Joyce Akpata: Would you say that the UNFSS process has had a tangible impact on the government's agenda in relation to food systems in Nigeria? 

Dr. Sanjo Faniran: Yes, it does. At the nutrition council meeting, which is presided over by the Vice President,  reports on the implementation of the food system transformation pathways is presented. It's now one of the agenda items in that meeting, and that will tell you that it has now become a critical issue that is now being taken over by the government asa priority step to take to transform our food system. 

And you know, nutrition as one of the components of the food system is just a subset of this system. People are mistaking food system to be agriculture only or food and nutrition only. Food systems cuts across all what we can call components of food ecosystem. Anything that has to do food, from the farm to the dining table, including crops planting, processing, transportation, eating, and even the post-harvest losses, is going to be a priority in our food systems transformation pathways for Nigeria.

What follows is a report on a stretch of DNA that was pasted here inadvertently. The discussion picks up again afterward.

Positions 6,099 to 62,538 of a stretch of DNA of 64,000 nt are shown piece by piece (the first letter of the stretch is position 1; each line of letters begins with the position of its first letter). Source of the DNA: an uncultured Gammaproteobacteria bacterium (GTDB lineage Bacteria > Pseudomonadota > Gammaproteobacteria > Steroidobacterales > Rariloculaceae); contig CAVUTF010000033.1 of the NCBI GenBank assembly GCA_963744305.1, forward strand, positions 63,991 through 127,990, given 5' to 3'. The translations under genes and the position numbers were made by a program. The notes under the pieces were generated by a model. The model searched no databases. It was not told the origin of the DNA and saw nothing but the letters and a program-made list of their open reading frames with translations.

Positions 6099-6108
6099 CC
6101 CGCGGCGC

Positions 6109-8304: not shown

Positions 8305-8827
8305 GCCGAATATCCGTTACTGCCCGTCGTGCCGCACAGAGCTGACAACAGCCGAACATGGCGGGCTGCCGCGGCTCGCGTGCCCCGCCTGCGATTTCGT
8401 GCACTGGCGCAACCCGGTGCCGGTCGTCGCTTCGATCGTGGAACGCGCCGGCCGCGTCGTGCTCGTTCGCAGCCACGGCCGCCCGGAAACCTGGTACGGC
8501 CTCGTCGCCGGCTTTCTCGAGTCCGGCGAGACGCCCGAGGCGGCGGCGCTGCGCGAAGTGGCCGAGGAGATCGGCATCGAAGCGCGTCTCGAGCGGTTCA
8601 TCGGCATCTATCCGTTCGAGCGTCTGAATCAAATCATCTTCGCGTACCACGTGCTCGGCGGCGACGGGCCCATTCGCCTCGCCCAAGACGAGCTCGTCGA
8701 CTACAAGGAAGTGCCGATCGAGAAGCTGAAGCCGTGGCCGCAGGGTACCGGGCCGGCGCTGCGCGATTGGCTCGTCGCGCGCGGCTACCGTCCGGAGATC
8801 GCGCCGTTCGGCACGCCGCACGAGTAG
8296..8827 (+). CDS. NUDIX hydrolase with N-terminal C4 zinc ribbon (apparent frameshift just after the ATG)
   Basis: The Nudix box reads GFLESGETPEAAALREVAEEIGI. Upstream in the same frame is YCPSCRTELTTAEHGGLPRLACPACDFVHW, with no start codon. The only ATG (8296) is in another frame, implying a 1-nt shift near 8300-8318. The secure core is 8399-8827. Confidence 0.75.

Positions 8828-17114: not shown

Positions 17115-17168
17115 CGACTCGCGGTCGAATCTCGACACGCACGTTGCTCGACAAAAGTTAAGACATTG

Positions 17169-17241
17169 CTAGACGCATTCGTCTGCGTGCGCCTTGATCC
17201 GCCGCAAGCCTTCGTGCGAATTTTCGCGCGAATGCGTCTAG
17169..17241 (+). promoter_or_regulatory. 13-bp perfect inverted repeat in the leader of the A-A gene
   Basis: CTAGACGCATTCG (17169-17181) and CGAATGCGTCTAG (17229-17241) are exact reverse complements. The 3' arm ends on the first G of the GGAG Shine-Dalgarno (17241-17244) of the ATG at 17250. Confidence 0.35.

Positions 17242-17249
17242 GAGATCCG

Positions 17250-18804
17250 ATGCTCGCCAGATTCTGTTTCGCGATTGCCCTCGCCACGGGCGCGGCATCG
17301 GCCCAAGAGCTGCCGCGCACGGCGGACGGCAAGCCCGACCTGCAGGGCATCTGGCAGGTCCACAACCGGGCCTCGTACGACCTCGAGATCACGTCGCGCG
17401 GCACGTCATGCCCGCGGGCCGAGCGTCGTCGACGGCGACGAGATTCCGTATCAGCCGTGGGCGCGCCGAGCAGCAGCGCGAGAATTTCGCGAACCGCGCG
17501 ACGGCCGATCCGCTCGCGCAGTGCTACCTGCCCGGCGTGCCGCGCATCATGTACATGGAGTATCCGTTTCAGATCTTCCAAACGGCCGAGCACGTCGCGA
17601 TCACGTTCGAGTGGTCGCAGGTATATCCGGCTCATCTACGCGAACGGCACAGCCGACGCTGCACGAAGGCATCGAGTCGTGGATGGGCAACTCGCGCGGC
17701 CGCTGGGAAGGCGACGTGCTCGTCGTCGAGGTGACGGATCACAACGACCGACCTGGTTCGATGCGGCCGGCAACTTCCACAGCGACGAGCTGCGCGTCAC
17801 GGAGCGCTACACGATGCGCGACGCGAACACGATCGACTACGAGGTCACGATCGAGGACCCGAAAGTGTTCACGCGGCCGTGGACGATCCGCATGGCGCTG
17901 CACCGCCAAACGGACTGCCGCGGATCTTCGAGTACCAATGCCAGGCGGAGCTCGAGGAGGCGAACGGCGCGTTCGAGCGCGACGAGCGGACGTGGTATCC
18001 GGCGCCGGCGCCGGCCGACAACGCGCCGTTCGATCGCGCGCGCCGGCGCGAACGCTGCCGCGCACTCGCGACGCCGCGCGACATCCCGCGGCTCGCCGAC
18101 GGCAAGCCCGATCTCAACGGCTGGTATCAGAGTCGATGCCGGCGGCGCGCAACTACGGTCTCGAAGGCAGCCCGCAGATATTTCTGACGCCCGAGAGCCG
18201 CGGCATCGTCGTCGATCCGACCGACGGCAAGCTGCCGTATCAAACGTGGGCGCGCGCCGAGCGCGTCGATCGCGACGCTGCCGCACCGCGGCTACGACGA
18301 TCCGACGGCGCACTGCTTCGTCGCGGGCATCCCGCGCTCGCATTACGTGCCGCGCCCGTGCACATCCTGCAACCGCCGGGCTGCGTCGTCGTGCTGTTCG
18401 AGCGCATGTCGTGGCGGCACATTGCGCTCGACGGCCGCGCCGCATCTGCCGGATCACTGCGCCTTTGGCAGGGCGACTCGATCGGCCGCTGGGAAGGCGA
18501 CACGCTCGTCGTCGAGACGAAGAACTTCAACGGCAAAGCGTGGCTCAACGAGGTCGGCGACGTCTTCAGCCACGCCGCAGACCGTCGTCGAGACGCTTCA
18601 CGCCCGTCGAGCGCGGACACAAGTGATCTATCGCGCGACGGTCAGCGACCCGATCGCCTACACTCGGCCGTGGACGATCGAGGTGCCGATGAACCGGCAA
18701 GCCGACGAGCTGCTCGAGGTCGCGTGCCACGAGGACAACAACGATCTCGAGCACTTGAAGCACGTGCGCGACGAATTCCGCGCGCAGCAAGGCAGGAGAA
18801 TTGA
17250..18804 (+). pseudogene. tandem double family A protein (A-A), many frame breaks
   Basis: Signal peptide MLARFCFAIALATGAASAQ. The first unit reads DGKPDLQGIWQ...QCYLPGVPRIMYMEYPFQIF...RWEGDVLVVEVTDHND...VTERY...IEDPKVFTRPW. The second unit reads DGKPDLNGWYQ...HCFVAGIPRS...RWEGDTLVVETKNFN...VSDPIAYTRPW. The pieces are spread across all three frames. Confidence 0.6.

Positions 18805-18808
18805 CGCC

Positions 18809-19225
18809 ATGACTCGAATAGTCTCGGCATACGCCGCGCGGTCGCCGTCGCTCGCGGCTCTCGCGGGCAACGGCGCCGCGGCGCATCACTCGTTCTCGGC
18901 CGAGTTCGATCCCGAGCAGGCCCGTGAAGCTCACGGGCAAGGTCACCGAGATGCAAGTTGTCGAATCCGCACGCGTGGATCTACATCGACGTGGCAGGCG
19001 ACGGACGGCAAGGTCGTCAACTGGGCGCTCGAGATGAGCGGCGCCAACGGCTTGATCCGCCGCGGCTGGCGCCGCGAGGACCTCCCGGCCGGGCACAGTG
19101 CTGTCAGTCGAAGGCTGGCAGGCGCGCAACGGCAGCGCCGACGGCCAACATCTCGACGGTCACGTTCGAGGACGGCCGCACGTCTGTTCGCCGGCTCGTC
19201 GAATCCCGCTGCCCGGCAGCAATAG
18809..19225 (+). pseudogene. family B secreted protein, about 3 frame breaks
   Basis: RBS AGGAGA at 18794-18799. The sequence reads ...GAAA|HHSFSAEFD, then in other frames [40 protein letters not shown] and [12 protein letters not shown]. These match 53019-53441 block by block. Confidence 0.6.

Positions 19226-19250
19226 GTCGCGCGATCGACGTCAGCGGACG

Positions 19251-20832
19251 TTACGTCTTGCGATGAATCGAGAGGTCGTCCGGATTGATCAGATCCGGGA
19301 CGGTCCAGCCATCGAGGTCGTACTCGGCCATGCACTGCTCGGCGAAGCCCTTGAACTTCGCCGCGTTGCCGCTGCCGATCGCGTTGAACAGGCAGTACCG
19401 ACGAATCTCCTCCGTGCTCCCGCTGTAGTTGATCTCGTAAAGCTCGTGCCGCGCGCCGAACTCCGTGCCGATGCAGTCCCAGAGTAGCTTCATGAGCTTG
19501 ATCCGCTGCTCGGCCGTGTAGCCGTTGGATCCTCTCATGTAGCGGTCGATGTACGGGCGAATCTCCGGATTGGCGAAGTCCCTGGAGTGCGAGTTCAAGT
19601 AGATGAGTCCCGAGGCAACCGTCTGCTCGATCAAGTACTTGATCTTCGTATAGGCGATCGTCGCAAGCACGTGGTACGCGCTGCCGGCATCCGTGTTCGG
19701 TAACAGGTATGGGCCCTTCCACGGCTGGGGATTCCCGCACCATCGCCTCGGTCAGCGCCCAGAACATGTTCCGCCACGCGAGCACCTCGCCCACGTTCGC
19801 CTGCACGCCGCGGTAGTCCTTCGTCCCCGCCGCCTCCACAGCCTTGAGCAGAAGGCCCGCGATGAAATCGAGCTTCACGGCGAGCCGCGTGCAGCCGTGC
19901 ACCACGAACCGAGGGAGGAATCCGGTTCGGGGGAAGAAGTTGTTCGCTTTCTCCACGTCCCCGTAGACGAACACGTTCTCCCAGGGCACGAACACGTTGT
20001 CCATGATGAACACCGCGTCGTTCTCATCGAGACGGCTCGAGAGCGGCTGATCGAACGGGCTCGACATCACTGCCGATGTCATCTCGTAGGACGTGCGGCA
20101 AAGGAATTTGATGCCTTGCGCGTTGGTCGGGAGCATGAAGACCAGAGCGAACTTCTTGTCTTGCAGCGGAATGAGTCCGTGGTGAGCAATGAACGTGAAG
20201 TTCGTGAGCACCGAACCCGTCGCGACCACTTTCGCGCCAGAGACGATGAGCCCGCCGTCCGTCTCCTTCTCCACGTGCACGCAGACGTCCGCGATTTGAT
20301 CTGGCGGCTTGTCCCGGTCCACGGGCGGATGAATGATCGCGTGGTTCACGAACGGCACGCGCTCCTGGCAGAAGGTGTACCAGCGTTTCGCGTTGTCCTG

So, there is that arrangement now that is making food systems to become more popular and to become the priority of the government as one of the accelerators for achieving SDGs by the year 2030. Thank you. 

Joyce Akpata: Thank you, Doc. Good to see that government is deliberate about transforming the Nigerian food system. So, what would you say the progress has been thus far in driving the implementation of the national pathways. And are you able to share any key highlights in that regard?